For Justus, Steel Determination

Written by Marybeth Luczak, Executive Editor
At its museum exhibit, “Move Over, Sir!: Women Working on the Railroad,” UP in 2017 celebrated women railroaders, including Edwina “Curlie” Justus, the Class I’s first Black female engineer (pictured). (Photograph Courtesy of Edwina Justus)

At its museum exhibit, “Move Over, Sir!: Women Working on the Railroad,” UP in 2017 celebrated women railroaders, including Edwina “Curlie” Justus, the Class I’s first Black female engineer (pictured). (Photograph Courtesy of Edwina Justus)

“Working at night and going down the track, it’s quiet and all you can hear are the rails, or you’re just sitting there waiting for the signals to change, or it’s sunrise and you see the sun come up—it is almost magical,” says Edwina “Curlie*” Justus of her time in the locomotive cab.

“It’s really funny because I had a teacher who said you’ll never get a job looking out the window,” recalls Justus, who was caught daydreaming at school. “I wish I could say now, ‘Guess what, I got a job and all I did was sit and look out the window.’”

She started at Union Pacific (UP) as a sorter/filer and moved on to become a traction motor clerk, preparing reports for the mechanical department on traction motors taken out of service. “That was my job, but I didn’t know what a traction motor was or what it did,” Justus tells Railway Age. Arrangements were made for her to learn. “So here I am in these high heels and short dress going down to the shop, and they put a white hard hat on my head, and when you wear a white hard hat, that means you’re an official, so all these guys were wondering what I was doing there,” she says with a laugh. She not only received a lesson on traction motors, but also one on operating locomotives. “I got up on the engine and asked, ‘How do you work this thing?’” recalls Justus. Once shown, she said, “‘Oh, heck, well, I could do that!’ And they told me, ‘Well, why don’t you go and put in your application?’” And she did.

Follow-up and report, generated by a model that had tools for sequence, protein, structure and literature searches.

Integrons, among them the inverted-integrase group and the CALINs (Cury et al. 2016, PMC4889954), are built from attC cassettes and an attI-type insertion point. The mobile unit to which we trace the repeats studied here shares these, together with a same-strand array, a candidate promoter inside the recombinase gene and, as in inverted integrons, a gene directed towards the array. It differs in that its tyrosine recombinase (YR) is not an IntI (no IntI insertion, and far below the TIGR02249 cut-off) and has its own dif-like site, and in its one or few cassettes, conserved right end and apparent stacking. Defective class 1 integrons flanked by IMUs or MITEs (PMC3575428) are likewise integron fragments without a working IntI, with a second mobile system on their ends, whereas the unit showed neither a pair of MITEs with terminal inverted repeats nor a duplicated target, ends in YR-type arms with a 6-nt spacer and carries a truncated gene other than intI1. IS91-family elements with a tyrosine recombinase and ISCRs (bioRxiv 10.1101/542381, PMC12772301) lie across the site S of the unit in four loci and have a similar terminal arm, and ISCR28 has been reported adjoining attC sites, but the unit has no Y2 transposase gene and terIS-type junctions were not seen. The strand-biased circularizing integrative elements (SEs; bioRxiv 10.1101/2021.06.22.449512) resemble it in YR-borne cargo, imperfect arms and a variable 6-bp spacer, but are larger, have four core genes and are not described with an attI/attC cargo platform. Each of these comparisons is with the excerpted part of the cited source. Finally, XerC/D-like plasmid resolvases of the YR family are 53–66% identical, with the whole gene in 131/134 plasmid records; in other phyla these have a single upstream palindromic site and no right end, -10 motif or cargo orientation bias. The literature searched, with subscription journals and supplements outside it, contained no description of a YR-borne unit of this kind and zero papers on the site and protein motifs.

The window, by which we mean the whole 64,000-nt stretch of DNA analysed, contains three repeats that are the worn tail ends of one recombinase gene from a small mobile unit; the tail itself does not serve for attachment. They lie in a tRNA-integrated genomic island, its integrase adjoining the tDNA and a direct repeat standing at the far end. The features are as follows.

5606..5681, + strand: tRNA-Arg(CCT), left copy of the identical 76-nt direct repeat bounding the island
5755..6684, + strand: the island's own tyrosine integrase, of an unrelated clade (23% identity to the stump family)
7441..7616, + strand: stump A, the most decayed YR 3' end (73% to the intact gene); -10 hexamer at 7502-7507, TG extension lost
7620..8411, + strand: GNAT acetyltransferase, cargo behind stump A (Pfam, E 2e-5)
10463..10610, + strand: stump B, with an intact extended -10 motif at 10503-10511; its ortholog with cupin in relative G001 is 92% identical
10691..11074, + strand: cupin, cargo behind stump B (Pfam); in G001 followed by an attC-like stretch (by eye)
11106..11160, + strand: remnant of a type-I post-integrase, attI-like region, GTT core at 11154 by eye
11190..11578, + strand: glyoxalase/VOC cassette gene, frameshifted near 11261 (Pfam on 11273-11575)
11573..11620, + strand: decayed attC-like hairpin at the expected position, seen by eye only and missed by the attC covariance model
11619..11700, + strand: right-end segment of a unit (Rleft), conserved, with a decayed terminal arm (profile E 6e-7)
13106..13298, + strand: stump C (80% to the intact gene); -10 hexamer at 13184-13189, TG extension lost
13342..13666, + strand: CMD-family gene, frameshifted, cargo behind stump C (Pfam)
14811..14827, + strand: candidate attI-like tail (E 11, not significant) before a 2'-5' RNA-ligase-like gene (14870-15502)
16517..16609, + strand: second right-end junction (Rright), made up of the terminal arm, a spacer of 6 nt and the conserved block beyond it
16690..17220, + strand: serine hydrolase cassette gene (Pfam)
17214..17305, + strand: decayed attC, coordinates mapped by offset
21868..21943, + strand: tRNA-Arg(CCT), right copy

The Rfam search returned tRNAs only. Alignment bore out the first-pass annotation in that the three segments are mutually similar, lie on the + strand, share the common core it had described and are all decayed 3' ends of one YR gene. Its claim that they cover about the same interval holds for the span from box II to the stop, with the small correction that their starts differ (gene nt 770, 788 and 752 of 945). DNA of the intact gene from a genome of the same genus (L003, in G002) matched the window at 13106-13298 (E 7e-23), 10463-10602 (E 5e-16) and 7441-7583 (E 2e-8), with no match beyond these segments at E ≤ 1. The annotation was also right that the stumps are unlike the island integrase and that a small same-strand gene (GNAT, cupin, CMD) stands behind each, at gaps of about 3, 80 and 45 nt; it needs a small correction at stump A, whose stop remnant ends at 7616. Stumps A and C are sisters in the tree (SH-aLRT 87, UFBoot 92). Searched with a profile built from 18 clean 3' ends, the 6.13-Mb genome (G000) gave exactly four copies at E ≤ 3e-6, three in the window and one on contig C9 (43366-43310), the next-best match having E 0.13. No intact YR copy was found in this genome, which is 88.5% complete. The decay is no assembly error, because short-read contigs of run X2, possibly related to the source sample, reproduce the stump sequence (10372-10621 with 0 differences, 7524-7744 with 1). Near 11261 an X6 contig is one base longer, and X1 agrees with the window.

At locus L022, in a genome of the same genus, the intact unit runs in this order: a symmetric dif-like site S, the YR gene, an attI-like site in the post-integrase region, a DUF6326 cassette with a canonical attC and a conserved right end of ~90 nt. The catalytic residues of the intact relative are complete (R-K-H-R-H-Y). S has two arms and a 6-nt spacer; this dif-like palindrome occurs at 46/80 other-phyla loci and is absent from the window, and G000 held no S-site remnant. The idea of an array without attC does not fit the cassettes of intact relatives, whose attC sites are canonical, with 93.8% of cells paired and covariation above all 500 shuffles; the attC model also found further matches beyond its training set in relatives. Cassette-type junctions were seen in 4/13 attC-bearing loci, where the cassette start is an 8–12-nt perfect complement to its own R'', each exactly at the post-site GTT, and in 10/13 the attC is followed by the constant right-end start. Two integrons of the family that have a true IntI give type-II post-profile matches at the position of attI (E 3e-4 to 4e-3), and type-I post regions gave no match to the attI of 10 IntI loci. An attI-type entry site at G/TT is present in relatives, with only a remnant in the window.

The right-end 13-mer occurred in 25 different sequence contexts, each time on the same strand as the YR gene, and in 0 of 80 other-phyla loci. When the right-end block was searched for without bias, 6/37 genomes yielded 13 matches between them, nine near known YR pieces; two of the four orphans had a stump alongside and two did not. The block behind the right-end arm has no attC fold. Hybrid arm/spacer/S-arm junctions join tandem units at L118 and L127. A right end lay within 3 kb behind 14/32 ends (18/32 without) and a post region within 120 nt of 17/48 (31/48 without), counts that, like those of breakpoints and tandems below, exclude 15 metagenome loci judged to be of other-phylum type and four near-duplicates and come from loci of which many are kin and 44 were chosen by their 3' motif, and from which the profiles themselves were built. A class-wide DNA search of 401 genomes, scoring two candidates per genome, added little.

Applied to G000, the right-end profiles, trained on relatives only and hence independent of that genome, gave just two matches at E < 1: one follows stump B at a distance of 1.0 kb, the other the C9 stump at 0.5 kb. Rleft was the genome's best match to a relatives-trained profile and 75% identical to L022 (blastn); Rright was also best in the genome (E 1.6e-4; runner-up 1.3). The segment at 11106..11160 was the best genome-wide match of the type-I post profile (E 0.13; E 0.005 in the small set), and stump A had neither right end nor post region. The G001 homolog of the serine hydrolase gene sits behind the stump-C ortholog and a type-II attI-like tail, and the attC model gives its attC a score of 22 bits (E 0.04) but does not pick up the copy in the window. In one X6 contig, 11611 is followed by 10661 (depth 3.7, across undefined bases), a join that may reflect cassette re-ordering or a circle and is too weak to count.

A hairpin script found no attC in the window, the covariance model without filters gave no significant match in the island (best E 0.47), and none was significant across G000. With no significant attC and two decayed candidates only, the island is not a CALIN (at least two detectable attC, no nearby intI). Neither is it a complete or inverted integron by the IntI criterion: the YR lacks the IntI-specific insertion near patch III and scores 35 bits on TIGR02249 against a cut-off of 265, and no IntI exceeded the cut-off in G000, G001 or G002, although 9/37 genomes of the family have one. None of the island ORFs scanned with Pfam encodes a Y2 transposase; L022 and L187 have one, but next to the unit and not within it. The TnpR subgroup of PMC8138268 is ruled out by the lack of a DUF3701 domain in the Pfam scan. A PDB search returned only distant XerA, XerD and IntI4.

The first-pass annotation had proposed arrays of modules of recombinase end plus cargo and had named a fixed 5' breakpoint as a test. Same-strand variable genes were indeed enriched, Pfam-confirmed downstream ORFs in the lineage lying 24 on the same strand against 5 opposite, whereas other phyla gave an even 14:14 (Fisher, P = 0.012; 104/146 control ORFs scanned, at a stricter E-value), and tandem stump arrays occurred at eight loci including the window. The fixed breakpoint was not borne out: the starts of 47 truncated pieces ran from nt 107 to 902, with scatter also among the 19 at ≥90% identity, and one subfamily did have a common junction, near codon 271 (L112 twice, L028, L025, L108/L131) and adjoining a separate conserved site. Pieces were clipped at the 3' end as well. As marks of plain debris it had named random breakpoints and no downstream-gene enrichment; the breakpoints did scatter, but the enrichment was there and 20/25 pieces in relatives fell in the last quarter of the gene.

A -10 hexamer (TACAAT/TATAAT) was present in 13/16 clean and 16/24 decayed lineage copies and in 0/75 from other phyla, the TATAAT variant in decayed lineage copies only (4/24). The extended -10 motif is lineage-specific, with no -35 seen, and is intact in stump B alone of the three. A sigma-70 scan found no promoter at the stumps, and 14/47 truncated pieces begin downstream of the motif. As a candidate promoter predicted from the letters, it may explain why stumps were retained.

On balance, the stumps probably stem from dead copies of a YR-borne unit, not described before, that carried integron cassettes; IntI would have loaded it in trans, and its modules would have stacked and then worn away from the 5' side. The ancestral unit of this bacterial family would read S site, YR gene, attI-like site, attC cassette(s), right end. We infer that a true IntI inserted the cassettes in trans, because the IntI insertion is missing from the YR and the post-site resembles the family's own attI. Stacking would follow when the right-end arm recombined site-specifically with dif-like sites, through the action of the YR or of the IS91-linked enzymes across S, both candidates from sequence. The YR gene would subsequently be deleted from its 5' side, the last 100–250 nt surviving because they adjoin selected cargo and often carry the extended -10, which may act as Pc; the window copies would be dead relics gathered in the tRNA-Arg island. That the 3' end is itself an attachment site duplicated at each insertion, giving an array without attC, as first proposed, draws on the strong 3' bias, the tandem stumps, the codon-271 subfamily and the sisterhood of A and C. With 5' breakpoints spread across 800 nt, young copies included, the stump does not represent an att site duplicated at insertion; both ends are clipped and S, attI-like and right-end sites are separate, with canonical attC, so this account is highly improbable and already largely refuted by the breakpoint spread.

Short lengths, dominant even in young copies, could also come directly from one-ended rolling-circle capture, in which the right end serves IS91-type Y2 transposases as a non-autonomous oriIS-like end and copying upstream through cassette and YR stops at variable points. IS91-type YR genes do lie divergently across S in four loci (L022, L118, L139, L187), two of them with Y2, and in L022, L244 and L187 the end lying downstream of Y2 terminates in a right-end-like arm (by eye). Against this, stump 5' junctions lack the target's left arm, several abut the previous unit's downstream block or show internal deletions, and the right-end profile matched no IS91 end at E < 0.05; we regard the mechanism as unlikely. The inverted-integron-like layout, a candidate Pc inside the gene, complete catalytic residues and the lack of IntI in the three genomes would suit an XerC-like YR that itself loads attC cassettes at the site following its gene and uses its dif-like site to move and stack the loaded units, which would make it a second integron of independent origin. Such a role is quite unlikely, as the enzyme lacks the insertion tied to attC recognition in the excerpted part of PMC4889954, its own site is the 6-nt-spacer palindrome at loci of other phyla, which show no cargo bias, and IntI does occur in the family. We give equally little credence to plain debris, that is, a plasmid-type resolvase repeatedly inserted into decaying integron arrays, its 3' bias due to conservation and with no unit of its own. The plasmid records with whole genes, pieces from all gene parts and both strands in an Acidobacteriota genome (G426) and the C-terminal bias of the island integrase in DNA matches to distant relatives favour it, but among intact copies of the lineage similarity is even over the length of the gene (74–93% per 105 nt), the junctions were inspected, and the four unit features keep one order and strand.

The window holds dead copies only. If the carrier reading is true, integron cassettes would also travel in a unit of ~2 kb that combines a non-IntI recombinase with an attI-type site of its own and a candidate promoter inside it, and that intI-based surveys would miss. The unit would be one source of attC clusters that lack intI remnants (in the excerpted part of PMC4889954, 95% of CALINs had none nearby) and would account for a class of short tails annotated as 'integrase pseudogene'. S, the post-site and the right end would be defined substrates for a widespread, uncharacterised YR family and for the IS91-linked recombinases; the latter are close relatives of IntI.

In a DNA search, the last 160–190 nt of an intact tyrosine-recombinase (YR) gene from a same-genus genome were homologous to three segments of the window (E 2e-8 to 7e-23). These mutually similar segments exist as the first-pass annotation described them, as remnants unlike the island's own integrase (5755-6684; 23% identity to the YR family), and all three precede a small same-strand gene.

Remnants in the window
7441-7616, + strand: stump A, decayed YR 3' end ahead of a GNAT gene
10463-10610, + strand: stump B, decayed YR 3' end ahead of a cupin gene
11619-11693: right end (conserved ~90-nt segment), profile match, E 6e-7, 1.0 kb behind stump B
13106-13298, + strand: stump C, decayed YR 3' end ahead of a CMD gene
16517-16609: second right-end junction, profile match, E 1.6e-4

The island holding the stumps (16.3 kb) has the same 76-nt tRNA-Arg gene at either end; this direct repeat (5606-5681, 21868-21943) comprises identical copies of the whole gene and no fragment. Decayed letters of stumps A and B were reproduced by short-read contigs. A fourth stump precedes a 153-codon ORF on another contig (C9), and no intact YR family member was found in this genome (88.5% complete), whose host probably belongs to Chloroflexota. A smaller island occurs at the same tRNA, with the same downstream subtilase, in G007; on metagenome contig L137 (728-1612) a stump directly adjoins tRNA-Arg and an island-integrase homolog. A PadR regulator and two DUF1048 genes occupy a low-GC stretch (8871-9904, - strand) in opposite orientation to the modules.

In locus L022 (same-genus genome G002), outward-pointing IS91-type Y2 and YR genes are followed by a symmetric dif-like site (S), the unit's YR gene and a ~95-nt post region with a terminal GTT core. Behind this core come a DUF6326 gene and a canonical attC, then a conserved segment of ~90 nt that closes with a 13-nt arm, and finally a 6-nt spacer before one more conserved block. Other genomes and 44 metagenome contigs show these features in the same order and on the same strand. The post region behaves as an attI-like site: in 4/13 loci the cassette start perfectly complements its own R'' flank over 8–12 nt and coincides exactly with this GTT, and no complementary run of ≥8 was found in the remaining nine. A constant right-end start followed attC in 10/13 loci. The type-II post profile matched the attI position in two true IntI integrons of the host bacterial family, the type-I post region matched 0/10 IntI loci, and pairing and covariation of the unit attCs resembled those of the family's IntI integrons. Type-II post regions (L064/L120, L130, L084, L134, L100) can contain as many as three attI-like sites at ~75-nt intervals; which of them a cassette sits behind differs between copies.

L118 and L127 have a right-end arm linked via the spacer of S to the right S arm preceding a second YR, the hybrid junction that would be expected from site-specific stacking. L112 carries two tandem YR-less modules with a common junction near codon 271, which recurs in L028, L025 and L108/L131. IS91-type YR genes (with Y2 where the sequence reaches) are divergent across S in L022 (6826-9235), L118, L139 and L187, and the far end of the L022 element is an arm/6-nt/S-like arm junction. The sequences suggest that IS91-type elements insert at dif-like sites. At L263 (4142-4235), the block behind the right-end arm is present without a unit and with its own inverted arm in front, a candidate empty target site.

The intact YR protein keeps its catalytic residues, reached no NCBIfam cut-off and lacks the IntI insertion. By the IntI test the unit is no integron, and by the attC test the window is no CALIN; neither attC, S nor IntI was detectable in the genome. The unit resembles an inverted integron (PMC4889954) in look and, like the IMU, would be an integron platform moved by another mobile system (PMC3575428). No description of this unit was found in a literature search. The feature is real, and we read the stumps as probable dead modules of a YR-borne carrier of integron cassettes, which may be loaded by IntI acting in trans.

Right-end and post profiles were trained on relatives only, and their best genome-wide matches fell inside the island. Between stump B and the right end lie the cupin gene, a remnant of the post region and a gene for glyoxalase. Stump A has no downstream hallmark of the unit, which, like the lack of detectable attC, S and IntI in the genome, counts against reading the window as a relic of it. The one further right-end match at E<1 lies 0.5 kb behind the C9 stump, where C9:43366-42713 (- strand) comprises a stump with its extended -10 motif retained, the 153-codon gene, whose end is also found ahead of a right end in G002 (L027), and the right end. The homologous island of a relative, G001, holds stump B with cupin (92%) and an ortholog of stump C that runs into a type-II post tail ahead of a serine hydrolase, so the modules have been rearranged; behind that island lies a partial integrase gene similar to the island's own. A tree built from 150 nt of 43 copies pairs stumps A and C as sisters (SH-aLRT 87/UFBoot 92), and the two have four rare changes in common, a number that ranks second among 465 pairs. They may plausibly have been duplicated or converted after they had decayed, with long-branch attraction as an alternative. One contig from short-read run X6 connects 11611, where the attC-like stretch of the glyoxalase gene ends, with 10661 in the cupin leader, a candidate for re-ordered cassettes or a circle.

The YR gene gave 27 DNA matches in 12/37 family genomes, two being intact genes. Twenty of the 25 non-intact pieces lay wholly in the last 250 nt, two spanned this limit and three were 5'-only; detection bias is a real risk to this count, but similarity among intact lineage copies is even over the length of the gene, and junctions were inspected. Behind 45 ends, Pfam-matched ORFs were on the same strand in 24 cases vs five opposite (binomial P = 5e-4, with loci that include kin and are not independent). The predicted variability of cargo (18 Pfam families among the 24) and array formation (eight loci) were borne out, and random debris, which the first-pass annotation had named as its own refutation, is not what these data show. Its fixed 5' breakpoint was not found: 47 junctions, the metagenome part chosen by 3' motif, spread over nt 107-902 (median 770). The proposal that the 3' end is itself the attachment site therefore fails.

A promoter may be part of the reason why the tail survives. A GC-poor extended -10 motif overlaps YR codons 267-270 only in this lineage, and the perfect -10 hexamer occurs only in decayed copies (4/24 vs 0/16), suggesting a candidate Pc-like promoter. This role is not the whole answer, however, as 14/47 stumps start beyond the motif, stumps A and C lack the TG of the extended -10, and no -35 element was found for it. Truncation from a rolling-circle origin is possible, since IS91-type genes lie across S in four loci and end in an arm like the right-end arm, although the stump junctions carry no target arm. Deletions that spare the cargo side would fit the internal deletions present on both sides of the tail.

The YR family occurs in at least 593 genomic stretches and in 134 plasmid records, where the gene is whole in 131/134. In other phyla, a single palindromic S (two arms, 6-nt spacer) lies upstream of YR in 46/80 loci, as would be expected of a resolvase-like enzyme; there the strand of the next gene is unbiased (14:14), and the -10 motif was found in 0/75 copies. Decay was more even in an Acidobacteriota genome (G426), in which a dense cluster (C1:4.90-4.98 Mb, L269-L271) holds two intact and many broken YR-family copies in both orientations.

“When they called me and told me that I was accepted and that I would be going to North Platte, I cried,” Justus says. “And I called my dad, and my dad said, ‘Take that job.’”